Types of Dances
Types of World Dances
Belly dance or bellydance is a Western-coined name for "solo, improvised dances based on torso articulation" originating from the Middle East. Other names which are sometimes used for the dance in English speaking countries include Oriental Dance, Arabic dance. Belly dance takes many different forms depending on the country and region, both in costume and dance style, and new styles have evolved in the West as its popularity has spread globally.
The dancing in Bollywood films, especially older ones, is primarily modelled on Indian dance: classical dance styles, dances of historic northern Indian courtesans (tawaif), or folk dances. In modern films, Indian dance elements often blend with Western dance styles (as seen on MTV or in Broadway musicals), though it is usual to see Western pop and pure classical dance numbers side by side in the same film. The hero or heroine will often perform with a troupe of supporting dancers. Many song-and-dance routines in Indian films feature unrealistically instantaneous shifts of location or changes of costume between verses of a song. If the hero and heroine dance and sing a duet, it is often staged in beautiful natural surroundings or architecturally grand settings. This staging is referred to as a "picturisation".
Clogging is a type of folk dance in which the dancer's footwear is used musically by striking the heel, the toe, or both against a floor or each other to create audible percussive rhythms, usually to the downbeat with the heel keeping the rhythm. The dance style has since fused with others including African-American rhythms, and the Peruvian dance "zapateo" (which may in itself be a derivative of very early European clog dances), resulting in the birth of newer.
(also contradance, contra-dance and other variant spellings) refers to several partnered folk dance styles in which couples dance in two facing lines or a square. Sometimes described as New England folk dance, contra dances can be found around the world, though they are especially popular in North America.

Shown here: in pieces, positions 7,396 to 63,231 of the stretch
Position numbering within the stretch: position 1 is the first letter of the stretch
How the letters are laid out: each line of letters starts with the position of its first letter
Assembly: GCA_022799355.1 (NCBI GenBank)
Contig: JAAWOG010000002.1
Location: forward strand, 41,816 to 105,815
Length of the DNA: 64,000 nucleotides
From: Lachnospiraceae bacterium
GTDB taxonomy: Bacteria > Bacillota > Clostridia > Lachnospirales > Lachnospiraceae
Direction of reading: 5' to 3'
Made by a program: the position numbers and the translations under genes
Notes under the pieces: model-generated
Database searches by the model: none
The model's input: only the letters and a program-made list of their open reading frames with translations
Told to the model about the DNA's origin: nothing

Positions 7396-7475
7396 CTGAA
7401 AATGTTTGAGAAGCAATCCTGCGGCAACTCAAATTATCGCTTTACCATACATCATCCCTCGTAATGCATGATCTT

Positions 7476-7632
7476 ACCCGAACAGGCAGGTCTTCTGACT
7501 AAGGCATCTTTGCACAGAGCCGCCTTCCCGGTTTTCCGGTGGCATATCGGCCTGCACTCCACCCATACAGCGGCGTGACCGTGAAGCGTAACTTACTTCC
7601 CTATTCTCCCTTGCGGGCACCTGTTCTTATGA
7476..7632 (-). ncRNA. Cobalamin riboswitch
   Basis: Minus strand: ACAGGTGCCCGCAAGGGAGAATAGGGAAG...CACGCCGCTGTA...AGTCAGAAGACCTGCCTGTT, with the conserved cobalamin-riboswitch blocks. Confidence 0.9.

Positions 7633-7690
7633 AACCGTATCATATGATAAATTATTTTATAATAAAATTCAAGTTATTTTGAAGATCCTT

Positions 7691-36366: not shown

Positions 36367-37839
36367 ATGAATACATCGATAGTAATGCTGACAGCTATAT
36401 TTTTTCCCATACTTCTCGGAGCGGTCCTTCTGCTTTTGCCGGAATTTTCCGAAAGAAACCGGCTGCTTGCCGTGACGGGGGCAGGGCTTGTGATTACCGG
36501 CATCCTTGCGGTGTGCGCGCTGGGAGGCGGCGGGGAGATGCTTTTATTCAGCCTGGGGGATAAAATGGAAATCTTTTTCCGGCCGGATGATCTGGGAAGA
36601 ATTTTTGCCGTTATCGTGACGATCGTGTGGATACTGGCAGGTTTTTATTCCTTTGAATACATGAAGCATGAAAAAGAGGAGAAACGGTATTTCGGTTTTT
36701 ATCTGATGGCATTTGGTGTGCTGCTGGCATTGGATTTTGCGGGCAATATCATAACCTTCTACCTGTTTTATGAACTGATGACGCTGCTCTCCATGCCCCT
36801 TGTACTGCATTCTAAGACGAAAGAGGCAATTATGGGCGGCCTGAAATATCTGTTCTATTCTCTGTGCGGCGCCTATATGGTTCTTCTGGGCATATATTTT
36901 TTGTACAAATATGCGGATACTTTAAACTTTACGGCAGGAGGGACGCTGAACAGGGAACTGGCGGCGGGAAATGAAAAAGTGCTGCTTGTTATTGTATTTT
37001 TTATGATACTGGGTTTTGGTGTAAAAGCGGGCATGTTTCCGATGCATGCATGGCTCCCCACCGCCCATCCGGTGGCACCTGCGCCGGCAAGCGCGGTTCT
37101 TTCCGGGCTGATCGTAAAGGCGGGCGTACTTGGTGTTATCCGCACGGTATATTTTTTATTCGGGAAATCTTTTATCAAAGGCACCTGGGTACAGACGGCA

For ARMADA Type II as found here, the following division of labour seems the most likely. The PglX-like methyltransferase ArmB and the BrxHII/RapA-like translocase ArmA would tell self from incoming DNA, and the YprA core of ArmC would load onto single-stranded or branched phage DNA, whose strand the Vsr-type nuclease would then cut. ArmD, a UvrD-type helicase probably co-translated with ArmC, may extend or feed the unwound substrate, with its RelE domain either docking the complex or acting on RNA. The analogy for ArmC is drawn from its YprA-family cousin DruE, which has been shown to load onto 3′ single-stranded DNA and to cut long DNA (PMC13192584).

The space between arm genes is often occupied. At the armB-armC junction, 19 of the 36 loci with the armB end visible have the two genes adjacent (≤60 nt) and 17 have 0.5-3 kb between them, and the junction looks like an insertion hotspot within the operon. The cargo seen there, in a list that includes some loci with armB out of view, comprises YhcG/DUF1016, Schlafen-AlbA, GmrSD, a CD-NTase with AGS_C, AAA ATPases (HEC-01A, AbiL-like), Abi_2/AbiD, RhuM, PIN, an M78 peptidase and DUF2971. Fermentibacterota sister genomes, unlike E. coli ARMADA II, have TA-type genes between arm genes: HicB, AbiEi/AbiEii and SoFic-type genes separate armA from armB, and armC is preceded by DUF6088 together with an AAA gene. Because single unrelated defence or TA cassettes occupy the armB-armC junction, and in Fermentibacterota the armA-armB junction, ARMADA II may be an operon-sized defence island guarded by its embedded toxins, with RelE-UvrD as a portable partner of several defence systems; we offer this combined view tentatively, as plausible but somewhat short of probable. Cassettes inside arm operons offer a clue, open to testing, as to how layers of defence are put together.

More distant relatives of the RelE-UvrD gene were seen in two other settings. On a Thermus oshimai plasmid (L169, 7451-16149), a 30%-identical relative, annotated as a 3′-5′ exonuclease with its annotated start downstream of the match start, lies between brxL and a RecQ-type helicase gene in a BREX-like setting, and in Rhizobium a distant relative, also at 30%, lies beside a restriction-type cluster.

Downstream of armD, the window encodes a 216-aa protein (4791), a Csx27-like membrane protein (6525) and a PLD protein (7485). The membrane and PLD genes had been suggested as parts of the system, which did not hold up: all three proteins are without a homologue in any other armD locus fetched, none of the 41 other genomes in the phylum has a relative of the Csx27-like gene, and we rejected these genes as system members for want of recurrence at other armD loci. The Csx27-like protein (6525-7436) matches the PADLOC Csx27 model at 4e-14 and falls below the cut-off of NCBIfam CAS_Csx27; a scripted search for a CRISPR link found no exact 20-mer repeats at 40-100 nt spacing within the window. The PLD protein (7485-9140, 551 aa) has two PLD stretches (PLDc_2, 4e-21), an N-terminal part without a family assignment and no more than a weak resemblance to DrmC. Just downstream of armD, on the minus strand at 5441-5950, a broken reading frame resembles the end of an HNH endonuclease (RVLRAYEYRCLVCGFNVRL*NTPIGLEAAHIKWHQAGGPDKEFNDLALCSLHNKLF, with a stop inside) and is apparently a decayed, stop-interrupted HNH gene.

A country dance is a social dance form in which two or more couples dance together in a set. In the course of the dance each dancer dances to his or her partner and each couple dances to the other couples in the set. The longways set in which the men form a line facing the women, who form a second line is the most common formation. However, the English term country dance, first coined in print by John Playford of London in 1651, has always applied not only to dances in the longways formation, but to square dances, "round about the room" sets (not to be confused with "couple" dances) and even triangular sets- for three couples.
El baile flamenco is known for its emotional intensity, proud carriage, expressive use of the arms and rhythmic stamping of the feet. As with any dance form, many different styles of flamenco have developed. In the twentieth century, flamenco danced informally at gitano (Gypsy) weddings and celebrations in Spain was considered the most "authentic" form of flamenco. There is less virtuoso technique in gitano flamenco, but the music and steps are fundamentally the same. The arms are noticeably different to classical flamenco, curving around the head and body rather than extending, often with a bent elbow.
Hula /ˈhuːlə/ is a dance form accompanied by chant (oli) or song (mele). It was developed in the Hawaiian Islands by the Polynesians who originally settled there. The hula dramatizes or portrays the words of the oli or mele in a visual dance form.
Irish dancing or Irish dance is a group of traditional dance forms originating in Ireland which can broadly be divided into social dance and performance dances. Irish social dances can be divided further into céilí and set dancing. Irish set dances are quadrilles, danced by four couples arranged in a square, while céilí dances are danced by varied formations (céilí) of two to sixteen people. In addition to their formation, there are significant stylistic differences between these two forms of social dance. Irish social dance is a living tradition, and variations in particular dances are found across the Irish dancing community; in some places, dances are deliberately modified and new dances are choreographed.
Such as tap, locking, jump, hakken, stomping, Gangsta Walking, and the Candy Walk dance.
"Swing dance" is most commonly known as a group of dances that developed with the swing style of jazz music in the 1920s-1950s, although the earliest of these dances predate "swing era" music. The best known of these dances is the Lindy Hop, a popular partner dance that originated in Harlem in 1927 and is still danced today. Lindy was a fusion of many dances that preceded it or were popular during its development but is mainly based on jazz, tap, breakaway and Charleston.
African dance refers mainly to the dance of Sub-Saharan Africa, and more appropriately African dances because of the many cultural differences in musical and movement styles. These dances must be viewed in close connection with Sub-Saharan African music traditions and Bantu cultivation of rhythm. African dance utilizes the concept of polyrhythm as well as total body articulation yet many African languages have no word to define music.